This page describes how to scale out endpoints using NServiceBus. There are several reasons to scale out, such as to achieve higher message throughput, or to provide high availability.
It is important to distinguish between a logical endpoint and an endpoint instance. Review the documentation on logical endpoints for more details.
One message type might take considerably longer to process than other message types. The faster processing messages might suffer in throughput because of the slower processing messages. A good way to monitor and detect this is by using ServicePulse's monitoring capabilities.
Separating slower messages from faster messages leads to higher throughput for the faster messages. For this reason it can be beneficial to include messages and/or handlers in separate assemblies, making it easier to separate them from others.
An endpoint may reach maximum message throughput when resources such as CPU or disk are fully utilized. In such cases it may be beneficial to scale out an endpoint to multiple nodes.
However, a centralized resource, such as a database, may also be a bottleneck. Scaling out an endpoint to another node that uses the same database may not improve message throughput, or could even reduce it.
The easiest way to scale out is with brokered transports, as those can make use of the competing consumer pattern. This is done by deploying multiple instances of an endpoint that will all start processing messages from the same queue. When a message is delivered, any of the endpoint instances could potentially process it. The NServiceBus transport will try to ensure that only one instance will actually process the message.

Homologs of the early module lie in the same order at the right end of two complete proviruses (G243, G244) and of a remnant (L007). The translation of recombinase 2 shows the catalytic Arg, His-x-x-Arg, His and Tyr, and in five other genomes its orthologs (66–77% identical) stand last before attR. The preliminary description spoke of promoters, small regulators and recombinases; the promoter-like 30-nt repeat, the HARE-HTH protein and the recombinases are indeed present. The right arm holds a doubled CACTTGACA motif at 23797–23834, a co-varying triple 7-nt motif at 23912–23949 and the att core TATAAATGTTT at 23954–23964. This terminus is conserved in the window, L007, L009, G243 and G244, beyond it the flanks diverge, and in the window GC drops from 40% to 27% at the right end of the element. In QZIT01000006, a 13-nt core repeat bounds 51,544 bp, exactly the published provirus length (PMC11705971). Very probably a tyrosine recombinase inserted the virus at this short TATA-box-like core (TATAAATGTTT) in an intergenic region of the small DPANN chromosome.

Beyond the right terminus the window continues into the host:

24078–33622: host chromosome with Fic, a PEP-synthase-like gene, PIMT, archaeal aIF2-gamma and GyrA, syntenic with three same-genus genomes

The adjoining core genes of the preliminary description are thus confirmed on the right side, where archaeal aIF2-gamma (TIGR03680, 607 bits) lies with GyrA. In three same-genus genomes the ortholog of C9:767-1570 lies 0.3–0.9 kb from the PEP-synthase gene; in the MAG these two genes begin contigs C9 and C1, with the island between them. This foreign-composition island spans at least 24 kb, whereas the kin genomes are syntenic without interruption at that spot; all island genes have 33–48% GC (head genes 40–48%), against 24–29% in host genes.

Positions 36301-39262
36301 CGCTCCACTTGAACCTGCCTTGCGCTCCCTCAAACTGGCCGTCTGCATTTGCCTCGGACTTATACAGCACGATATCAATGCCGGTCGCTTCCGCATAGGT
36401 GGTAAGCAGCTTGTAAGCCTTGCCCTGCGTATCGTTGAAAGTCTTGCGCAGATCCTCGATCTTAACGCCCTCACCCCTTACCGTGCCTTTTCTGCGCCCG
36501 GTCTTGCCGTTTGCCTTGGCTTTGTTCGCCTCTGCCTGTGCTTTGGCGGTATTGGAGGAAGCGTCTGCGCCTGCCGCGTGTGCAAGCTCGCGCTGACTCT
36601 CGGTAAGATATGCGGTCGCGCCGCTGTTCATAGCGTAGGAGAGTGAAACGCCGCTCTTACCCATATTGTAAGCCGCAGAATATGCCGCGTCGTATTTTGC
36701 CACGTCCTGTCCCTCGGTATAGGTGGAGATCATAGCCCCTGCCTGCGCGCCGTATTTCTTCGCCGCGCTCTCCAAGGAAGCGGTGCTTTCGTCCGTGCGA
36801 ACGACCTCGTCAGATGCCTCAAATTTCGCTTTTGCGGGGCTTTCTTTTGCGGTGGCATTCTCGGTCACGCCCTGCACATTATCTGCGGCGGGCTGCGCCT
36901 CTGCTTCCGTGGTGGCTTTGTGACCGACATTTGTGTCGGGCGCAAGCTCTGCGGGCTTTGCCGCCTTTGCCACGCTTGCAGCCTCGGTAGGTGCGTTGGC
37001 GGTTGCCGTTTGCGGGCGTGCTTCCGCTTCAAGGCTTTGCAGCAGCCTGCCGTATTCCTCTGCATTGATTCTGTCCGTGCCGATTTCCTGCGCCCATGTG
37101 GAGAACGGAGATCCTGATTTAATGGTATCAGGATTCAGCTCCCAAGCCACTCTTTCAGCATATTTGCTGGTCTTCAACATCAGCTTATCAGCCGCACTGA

The image below shows the component
ClientUI sending a command message to the logical endpoint
Sales. But with messaging, the message is actually sent to the
Sales queue. With two consumers competing for the
Sales endpoint, both could potentially process the incoming message.
Because of the federated nature of queues with MSMQ, with scaled out endpoints across different nodes, each node has its own physical queue. This makes it impossible to apply the competing consumer pattern. See Sender Side Distribution for more information.
Though not discussed here, there are many ways to achieve high availability for endpoints using infrastructure with either on-premise or cloud-based solutions. However, a different reason to try to achieve high availability is to make sure an endpoint continues to process messages while upgrading it to a newer version of either the endpoint itself or its messages. For more information on how to do message versioning, see this sample.
Upgrading an endpoint without stopping message processing, can be accomplished by also using the competing consumer pattern, without necessarily deploying multiple endpoint instances to different nodes. In order words, this can even be achieved by deploying two endpoint instances on the same node.
The following image explains the process.
Execute the following steps to upgrade an endpoint without downtime:
Salesendpoint has a reference to version 1 of the message assembly
- Take down one endpoint instance of
Financeand upgrade it to version 2 of the message assembly
Finance.. During this time,
Salescan continue sending messages and the running endpoint instance for
Financecan continue processing them.
- Bring the upgraded version of
Financeback up so it can start processing version 1 messages.
- Take down the still-running version 1 of
Financeand upgrade it as well to version 2 of
Salesto also have message assembly